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Slow down on the road

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Slowing down on the road not only keeps roadways safe and sane but improves gas mileage and curbs the volume of greenhouse gases emitted from automobiles.

How to slow down on the road

It's simple. Unless you're the proud recipient of several drag racing trophies, you need to start driving like your grandmother. Going under the posted speed limit isn't the solution, but taming that lead-casted foot is. A fuel-sensitive freeway speed suggested by experts and conservationists is 55 mph. Here's how to slow it down:

  • Ignore other drivers: Don't become beleaguered or succumb to feelings of auto-inadequacy if you sense the world is whizzing by you at 75 mph while you obey the posted 55. Disregard the sneerers, honkers, and tailgaters. Keep in mind, slow and steady wins the race—and saves at the filling station.
  • Cruise away. If your car has a cruise control option, use it on highway or freeway trips that require driving at a higher, constant speed. Driving with cruise control benefits, in this situation, fuel economy.

Need some more proof of the effectiveness of slowing down? Check out Edmunds.com where tips on driving slower, less aggressively, and with cruise control are put to the test.

Slowing down on the road helps you go green because…

  • Fuel consumption increases dramatically once you exceed 60 miles per hour. Obeying the speed limit or slowing down conserves fuel and emits fewer pollutants into the atmosphere. Driving conservatively is also a safer option for you and fellow motorists.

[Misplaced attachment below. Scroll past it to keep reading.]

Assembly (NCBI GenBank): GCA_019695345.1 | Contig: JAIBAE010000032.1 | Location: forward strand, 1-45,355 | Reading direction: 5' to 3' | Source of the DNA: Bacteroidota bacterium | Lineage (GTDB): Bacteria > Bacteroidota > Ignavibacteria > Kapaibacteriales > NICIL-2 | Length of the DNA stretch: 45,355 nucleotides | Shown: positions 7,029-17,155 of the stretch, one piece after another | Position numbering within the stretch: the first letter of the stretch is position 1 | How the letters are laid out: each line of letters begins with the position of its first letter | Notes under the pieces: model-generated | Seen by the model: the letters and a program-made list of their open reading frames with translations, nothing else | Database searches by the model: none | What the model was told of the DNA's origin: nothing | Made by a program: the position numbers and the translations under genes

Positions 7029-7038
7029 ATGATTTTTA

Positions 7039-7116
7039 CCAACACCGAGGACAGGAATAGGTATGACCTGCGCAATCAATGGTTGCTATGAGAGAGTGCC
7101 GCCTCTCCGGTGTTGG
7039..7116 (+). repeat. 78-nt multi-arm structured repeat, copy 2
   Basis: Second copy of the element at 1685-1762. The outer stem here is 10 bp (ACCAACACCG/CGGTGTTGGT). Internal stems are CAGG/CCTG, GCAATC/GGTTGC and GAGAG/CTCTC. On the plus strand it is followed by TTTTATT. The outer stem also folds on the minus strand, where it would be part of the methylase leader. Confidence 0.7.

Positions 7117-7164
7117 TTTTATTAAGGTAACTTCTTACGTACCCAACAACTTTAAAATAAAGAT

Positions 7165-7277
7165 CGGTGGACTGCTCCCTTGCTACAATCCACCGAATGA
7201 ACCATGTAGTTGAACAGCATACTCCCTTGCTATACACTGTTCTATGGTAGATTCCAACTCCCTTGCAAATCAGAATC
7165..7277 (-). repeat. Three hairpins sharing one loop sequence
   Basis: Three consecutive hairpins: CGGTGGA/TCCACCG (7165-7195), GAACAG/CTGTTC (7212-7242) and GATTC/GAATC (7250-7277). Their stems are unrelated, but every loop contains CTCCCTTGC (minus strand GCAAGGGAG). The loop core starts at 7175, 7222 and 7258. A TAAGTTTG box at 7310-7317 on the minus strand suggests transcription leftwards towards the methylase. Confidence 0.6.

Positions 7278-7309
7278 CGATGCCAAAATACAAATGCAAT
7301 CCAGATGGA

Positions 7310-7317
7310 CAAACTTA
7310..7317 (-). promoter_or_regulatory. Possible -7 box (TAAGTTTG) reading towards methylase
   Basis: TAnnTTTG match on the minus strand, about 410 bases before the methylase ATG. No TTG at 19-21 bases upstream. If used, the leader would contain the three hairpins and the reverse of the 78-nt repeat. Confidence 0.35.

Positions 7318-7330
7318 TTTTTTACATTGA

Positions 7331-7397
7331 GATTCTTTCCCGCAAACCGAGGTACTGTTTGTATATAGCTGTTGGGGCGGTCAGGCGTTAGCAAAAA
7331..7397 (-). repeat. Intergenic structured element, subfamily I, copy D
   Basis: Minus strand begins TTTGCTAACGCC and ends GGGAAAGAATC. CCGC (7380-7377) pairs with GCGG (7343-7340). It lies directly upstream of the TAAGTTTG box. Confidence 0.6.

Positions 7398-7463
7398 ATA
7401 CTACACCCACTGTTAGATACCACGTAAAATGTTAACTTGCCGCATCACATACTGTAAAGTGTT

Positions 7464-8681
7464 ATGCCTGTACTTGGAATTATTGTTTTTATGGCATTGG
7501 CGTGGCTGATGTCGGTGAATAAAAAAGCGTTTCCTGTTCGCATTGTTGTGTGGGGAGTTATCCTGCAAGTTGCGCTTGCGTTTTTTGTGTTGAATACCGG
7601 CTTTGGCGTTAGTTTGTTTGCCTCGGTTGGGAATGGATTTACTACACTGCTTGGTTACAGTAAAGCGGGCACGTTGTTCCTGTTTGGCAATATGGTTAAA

• Due to wind resistance, a driver’s fuel economy can decrease by as much as 15 percent when moving at high speeds. Theoretically, for every 1,000 miles driven with 25 mpg fuel efficiency and gas at $2.50 a gallon, you could save $15 dollars at the pump by going 10 mph slower.[1]

Fifty-five mph is the recommended speed, and a limit that was enforced on the nation’s freeways from the mid-1970s (due to the Arab oil embargo) until 1995. Current maximums vary by state. In some states, the urban interstate speed limit remains 55 mph while in other states it can be as high as 75 mph.

Americans use more than 100 billion gallons of gasoline each year. If that fuel were stored in a tank the size of a football field, the walls would have to be nearly 50 miles high.[2]

Every gallon of gasoline burned releases 20 pounds of carbon dioxide, making the transportation sector responsible for about a quarter of overall US carbon dioxide emissions.[3] And because no combustion is perfectly clean, cars are also a primary source of local air pollution.

Related health issues

Aside from the global-warming gas carbon dioxide, three major pollutants emitted by automobiles—hydrocarbons, carbon monoxide, and nitrogen oxide—also pose dire risks to human health. Specifically, when hydrocarbons and nitrogen oxide mix in sunlight and high temperatures, ground-level ozone is created. This leads to coughing, wheezing, and eye irritation, and can result in chronic lung problems. Carbon monoxide decreases levels of oxygen in the bloodstream and affects mental and visual functions.

Glossary

automotive fuel economy: Fuel economy in cars is important because carbon dioxide emissions are directly related to the amount of fuel burned. "Miles per gallon," or mpg, is the way most Americans measure fuel economy, while other countries may use liters of fuel per 100 km traveled. To measure your fuel economy, fill your tank and reset the odometer. At your next fill-up, divide the miles traveled by the amount of fuel needed to refill the tank. For the 2008 model year, the EPA has updated its fuel economy test to reflect today's higher speeds, increased use of air conditioning, and other factors. In many cases, the published "window sticker" mpg values will be lower.

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